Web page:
Building Information Modelling in Tertiary Construction Project Management Education: A Programme-wide Implementation Strategy

Publisher:
Centre for Education in the Built Environment
Publication Type:
Journal Article
Citation:
Journal for Education in the Built Environment, 2013, 8 (1), pp. 16 - 34
Issue Date:
2013-01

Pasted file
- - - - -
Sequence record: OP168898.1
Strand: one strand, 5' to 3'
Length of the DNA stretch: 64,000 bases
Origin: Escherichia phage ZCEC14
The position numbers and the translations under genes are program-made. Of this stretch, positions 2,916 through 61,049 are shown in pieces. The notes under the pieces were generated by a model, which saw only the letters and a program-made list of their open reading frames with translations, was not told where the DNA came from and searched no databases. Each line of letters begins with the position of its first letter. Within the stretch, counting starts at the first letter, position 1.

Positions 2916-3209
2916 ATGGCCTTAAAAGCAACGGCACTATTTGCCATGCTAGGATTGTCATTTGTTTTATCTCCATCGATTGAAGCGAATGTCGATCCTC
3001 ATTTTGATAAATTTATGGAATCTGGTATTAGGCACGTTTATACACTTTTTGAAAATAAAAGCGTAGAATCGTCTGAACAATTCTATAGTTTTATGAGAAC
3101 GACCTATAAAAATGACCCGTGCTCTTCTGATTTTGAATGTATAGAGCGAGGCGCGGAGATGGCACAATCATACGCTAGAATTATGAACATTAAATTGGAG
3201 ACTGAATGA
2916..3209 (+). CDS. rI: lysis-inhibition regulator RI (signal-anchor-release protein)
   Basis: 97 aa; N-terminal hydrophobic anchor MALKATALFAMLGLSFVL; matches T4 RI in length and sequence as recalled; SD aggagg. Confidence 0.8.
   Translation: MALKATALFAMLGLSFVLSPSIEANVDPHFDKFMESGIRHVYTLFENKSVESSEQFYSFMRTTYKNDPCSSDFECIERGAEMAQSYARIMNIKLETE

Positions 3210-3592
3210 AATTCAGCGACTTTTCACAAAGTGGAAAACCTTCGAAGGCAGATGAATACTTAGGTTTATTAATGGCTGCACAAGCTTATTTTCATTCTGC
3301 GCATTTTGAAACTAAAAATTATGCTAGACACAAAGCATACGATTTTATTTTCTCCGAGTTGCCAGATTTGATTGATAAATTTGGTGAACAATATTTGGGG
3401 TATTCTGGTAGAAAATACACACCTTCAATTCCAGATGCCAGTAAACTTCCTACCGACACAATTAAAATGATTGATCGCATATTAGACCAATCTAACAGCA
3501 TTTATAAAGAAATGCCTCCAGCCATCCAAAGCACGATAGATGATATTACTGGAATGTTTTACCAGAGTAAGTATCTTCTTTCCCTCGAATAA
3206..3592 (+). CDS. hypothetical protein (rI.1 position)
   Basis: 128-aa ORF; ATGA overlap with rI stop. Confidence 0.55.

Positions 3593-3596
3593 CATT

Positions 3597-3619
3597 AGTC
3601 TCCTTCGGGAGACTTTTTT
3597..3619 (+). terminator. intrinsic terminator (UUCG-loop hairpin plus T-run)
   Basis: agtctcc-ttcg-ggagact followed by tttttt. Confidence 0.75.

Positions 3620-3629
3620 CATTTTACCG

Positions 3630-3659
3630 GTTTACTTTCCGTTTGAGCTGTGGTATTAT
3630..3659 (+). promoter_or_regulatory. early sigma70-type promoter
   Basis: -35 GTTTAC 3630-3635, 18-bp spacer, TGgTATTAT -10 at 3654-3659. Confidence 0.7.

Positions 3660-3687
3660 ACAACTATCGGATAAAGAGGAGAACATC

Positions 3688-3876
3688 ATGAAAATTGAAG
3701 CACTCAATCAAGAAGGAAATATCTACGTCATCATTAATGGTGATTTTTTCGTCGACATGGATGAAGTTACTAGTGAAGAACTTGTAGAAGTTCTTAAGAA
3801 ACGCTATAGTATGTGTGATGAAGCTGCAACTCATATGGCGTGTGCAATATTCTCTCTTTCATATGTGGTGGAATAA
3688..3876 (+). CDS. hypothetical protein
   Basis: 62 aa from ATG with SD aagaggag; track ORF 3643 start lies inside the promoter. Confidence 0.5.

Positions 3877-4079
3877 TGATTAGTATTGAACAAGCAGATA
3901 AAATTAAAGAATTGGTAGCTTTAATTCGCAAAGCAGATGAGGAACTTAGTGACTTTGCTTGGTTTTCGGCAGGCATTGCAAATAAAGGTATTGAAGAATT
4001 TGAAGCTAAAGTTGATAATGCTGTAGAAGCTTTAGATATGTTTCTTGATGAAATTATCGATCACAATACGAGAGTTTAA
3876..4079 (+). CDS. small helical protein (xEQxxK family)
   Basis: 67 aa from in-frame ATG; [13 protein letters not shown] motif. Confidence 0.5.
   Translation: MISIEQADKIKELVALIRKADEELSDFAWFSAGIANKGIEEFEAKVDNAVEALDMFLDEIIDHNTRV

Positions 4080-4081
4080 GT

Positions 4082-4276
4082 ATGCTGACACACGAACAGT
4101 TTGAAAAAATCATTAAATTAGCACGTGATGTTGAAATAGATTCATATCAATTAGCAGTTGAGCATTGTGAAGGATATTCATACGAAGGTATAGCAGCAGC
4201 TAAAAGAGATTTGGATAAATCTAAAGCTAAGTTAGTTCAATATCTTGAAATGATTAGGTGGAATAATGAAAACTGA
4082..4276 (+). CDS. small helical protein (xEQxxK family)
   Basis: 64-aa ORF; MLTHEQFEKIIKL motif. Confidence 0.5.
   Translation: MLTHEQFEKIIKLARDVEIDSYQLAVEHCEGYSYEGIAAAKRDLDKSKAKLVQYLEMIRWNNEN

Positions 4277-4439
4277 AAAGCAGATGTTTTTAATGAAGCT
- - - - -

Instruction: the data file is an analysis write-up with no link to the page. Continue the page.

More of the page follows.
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This paper reports on the on-going development of teaching and learning supported by Building Information Modelling (BIM) in the undergraduate Construction Project Management Programme at the University of Technology Sydney. BIM is a model-driven approach to designing, constructing, operating and maintaining buildings and civil engineering facilities. The model that forms the core of the BIM approach is a smart, shared and computable three-dimensional model of the building or the civil engineering facility. At its heart, BIM and Virtual Construction Models (VCMs) are used to facilitate a more integrated and visual mode of teaching. The approach provides a new basis for developing problem based learning - one that has the potential to allow students to aggregate their learning around a central project whilst enabling problems to be scaled at different levels of complexity. This approach aims to better integrate and link individual subjects together as well as improve the development of core student attributes such as communication, understanding, decision making, collaboration and information gathering skills; very much mimicking the on-going technology driven transformation happening in industry. The VCMs aim to be regularly used in various formats as students progress through their undergraduate degree programme - and we adopt the term `vertical problems' to capture the way models and problem based learning are being utilised, where staff author `sub-plots' that utilise information models in a way that best suits their specific subjects, e.g. cost, time, quality, sustainability subject areas. To this end, the article reports on findings from the research, development and early implementation stages of a programme-wide teaching and learning proposition supported by BIM. This includes a typology that helps target varying degrees of model utilisation and diffusion in given subjects and transitional requirements for both staff and students.
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